Hip-hop culture spread from the streets of New York City to towns in Oklahoma genre influencing millions of people along the way.
For that reason, in an effort to increase sales, companies are now banking on the successes of the hip hop and rap music, by promoting their brands through rhythmic beats, original song lyrics and popular rappers.
Most recent artists in commercials include Snoop Dogg, who promoted Chrysler vehicles. Now there’s the Grammy nominated rapper Cee-Lo who can be heard promoting Toyota, the fourth-largest automaker in America.
”Our strategy is based on research that shows that with our youth target, music is the soundtrack for life,” said Teri Hill, Toyota’s car advertising manager. “To reach consumers, we have to identify lifestyle connections with them and create 360 degree advertising that lives in their hearts. Because the spots are similar to the music you hear on the radio, the advertising has more impact, helping to increase awareness of the Toyota model they promote.”
As a part of a series of radio spots created for Toyota, So So Def Recording Artist Cee-Lo Green is expected to promote the latest model for the company called the Corolla S.
The spot is called “Shotgun”, which tells the story of the artist cruising “in my Toyota Corolla S, so fresh.” In the second spot named “Mesmerized”, Cee-Lo is “cruisin’ ’round the city, fresh and feelin’ fly.” Then he meets a girl who tells him, “I like your Toyota, ooh your Toyota Corolla.”
The spots, written and performed by Cee-Lo, were produced by Burell, a leading national African American full-service communications agency.
Years ago, strategies such as this, may have been considered risky. However, as companies began seeing the rising popularity of hip-hop and rap music, they started realizing the power and marketability in using it as the unifying force to drive sales.
Burell Account Director Bryan Mattox explained that this is why companies are using music artists who are respected by their target audience.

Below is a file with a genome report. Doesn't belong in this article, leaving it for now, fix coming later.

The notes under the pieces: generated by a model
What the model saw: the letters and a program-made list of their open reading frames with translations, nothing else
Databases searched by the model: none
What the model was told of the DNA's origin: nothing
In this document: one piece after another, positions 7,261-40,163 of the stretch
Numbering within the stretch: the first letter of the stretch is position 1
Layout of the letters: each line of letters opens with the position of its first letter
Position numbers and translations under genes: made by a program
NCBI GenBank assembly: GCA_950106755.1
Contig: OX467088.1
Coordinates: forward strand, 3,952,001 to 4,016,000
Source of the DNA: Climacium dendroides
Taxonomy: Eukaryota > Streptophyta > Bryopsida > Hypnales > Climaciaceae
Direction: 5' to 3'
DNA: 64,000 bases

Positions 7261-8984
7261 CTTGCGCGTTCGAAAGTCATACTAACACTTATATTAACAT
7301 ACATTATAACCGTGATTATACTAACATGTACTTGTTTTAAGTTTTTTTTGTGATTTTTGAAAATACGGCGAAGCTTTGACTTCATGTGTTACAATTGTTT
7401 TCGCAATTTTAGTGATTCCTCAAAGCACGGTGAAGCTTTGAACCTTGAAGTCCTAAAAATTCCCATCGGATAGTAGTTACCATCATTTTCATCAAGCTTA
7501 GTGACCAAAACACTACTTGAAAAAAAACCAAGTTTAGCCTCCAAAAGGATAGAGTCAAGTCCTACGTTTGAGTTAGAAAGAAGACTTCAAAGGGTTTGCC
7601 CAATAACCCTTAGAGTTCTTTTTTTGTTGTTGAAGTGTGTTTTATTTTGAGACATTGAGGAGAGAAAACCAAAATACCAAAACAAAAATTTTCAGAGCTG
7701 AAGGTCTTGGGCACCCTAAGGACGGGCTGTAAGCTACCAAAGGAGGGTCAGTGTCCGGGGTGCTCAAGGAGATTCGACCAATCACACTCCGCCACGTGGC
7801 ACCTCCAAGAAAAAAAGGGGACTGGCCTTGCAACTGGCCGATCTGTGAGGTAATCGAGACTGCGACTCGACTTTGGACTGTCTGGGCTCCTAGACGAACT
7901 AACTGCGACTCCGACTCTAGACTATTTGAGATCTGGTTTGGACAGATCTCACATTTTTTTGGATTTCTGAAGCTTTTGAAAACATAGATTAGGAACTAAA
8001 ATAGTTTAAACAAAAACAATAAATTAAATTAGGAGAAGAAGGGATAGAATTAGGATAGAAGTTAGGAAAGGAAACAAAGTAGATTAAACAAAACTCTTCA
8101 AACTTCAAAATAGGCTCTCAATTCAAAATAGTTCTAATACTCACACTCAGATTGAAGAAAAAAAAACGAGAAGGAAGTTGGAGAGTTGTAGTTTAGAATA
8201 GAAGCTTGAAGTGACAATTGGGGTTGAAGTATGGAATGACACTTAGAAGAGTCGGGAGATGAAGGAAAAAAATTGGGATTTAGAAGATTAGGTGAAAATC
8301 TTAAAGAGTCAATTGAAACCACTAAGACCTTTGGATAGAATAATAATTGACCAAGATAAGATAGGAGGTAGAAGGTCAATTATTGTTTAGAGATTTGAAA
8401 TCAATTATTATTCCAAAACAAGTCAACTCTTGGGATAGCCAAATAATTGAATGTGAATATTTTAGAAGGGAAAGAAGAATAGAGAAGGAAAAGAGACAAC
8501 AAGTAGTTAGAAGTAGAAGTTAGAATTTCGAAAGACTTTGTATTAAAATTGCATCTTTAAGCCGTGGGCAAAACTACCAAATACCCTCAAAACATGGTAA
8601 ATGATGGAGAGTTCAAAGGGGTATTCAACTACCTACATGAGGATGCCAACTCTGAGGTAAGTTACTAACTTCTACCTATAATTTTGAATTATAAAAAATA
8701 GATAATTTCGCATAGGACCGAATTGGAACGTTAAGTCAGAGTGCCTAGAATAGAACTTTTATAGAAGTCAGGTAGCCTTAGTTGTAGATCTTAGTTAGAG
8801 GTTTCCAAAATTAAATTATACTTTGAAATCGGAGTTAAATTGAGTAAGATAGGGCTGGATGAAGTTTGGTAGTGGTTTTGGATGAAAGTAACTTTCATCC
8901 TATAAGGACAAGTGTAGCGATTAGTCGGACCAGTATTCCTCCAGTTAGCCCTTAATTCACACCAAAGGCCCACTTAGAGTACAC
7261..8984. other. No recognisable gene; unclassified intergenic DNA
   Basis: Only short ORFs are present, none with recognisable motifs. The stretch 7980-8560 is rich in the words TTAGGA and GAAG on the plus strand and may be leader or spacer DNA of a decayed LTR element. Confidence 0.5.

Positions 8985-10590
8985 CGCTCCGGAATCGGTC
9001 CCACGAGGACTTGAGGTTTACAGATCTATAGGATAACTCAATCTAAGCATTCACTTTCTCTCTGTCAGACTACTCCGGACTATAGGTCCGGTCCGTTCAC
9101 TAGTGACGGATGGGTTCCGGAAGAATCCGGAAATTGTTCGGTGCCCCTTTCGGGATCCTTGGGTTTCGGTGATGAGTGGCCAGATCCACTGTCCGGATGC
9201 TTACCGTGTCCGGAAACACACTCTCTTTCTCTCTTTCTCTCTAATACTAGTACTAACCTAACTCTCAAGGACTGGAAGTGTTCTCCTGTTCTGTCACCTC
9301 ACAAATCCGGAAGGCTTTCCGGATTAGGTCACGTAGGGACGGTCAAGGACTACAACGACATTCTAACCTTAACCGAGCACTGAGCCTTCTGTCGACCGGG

”In this case we have lyrics written and performed by artists who represent authenticity in their music space,” Mattox said. “That kind of credibility gives the spots more substance that will connect a youthful, conscientious target to Toyota’s ‘Moving Forward’ message.”
Jonathon Linton, a business law major at Pennsylvania State University, has developed an appreciation of the marketing influence of rappers in recent years.
”Sometimes I find myself singing the lyrics in the commercials subconsciously when I’m thinking about the products,” Linton said. “I can’t afford to buy a new car now, but having that kind of connection, will more likely influence my future purchases.”
The hip hop commercials are expected to start airing this month. The Cee-Lo spots will run nationwide on hip-hop and R&B format radio stations through the end of the year.
Cee-Lo is one of several artists in the hip-hop genre to produce radio spots for Toyota models. Talib Kweli, another music artist, is set to promote the Toyota Matrix.
Courtney Battle, a Howard University advertising major, said that the partnership between rap artists and advertising companies makes sense.
”Hip-hop has so many marketing possibilities and is probably the most influential genre of music right now with all youth,” Battle said. “It has definitely been proven and will continue to be an effective way to get to younger consumers.”